The country’s first CAR-T cell therapy to treat a specific type of blood cancer is generating interest in the country and overseas, in regions where the product is not available.

Born off an academia-industry partnership, the therapy was in the limelight, on Thursday, when President Droupadi Murmu spoke about the home-gown effort and the difference it would make to patient lives, being more affordable than the internationally available products.

The number of patients on the therapy has already increased from single digits to about 25 a month, who have been treated at the Tata hospitals, said Hasmukh Jain. Professor, Medical Oncology, Tata Memorial Hospital (TMH), who lead the trial of this therapy in adults. Priced at about ₹40 lakh, or one-tenth the global price of this therapy (about ₹4 crore), it is expensive, said Jain.

Curative impact

The curative impact of the one-time therapy, especially in younger individuals, was being keenly followed by the medical community, he said, adding that more training was required of the medical community for wider adoption. The product can be made more affordable through measures including tightening of processes and government intervention on taxes, Jain told businessline, adding that patients were being supported through Trusts, CSR (corporate social responsibility) funds and health insurance.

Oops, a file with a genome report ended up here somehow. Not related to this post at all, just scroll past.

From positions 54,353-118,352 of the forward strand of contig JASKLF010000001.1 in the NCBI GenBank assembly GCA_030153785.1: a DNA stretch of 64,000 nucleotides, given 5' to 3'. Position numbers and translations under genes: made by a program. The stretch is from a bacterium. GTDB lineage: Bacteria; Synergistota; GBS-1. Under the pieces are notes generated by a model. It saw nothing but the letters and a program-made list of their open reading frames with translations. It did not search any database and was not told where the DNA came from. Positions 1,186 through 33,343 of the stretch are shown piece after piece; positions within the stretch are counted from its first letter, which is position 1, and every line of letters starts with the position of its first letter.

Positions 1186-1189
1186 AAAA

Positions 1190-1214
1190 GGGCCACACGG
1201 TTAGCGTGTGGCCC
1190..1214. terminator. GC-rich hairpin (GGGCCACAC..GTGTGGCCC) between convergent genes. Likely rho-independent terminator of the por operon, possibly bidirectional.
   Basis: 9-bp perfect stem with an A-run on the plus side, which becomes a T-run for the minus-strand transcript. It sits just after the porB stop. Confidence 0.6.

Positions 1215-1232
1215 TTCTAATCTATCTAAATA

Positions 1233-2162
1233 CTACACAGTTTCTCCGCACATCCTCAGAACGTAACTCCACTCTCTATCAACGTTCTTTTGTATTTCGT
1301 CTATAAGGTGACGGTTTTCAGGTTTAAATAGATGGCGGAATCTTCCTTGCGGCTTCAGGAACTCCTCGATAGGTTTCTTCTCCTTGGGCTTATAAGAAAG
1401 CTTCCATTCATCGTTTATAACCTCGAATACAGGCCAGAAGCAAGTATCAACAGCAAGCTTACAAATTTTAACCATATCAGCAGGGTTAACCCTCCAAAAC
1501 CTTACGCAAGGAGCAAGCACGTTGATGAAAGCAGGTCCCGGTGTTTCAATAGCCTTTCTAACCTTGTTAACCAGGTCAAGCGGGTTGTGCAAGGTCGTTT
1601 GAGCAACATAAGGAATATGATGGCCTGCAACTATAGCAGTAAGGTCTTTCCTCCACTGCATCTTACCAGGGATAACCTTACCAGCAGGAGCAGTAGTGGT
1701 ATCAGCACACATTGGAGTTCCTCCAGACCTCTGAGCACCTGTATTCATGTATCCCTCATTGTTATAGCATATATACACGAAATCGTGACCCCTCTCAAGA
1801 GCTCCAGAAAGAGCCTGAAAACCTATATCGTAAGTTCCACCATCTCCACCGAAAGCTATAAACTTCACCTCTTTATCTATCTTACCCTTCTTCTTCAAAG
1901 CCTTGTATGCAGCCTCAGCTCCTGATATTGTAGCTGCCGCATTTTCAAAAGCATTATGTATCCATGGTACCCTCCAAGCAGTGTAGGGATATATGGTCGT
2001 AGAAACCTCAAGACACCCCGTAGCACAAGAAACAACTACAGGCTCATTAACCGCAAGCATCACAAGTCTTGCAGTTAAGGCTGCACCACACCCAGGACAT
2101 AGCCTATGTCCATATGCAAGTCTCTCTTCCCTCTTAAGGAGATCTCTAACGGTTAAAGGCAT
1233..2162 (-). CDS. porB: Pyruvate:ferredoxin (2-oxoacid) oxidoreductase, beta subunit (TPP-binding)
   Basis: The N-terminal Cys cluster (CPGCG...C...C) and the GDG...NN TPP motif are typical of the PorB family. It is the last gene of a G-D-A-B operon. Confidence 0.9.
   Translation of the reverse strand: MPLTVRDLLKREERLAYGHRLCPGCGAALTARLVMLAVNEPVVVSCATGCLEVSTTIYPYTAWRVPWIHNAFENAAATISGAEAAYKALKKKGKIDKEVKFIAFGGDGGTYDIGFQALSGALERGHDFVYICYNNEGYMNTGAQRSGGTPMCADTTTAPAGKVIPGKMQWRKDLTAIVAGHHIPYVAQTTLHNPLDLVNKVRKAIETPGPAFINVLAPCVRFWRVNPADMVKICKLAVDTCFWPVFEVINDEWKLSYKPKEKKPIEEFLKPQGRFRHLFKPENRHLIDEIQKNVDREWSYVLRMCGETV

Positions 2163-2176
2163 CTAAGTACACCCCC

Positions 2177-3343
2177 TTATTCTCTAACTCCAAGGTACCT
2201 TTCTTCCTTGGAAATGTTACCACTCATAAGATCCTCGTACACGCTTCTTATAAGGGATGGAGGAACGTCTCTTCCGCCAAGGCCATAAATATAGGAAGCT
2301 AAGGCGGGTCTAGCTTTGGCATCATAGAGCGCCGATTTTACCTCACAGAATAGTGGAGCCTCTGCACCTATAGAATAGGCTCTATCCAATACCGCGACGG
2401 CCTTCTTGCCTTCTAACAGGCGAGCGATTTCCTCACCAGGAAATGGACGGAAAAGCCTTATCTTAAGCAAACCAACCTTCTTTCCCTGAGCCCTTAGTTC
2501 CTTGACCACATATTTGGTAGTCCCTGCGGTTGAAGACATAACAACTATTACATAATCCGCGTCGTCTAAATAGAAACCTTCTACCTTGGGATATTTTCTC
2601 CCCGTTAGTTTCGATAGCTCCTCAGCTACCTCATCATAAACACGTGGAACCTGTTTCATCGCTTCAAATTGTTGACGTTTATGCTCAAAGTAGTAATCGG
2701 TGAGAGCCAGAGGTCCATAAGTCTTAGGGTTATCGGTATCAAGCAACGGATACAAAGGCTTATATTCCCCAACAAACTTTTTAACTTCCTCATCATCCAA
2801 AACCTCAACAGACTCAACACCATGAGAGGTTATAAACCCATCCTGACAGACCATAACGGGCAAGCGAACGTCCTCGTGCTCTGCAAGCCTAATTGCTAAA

Indian Institute of Technology (IIT) Bombay and TMH collaborated on developing the therapy.It was taken to commercialisation by industry partner ImmunoAct, an IIT-B incubated company in which Hyderabad-based Laurus Labs holds 34 per cent equity. The therapy received regulatory approval in October and was commercialised in December 2023.

The therapy involves taking the patient’s blood and separating the T cells (tasked with identifying and destroying the cancer cells), Jain explained. This is then engineered and put back into the patient to attack the cancer cells. Since it is personalised at present, scalability is a factor the industry-partner was handling, he said, even as partnerships were being formalised with countries like Mexico, to make available this therapy.

Laurus Labs Executive Vice President, Rajaram said, the company was setting up a second facility that will increase annual production capacity from 400 to about 3000 units. The economies of scale could bring the price down, he said, adding that the product was presently available at about 40 hospitals in the country. Discussions were underway with other countries to make the product available, he added.

While international CAR-T products from Novartis and Gilead, for example are not available in India, other Indian companies on the similar products include Immuneel Therapeutics and Dr Reddy’s Laboratories, said industry-observers.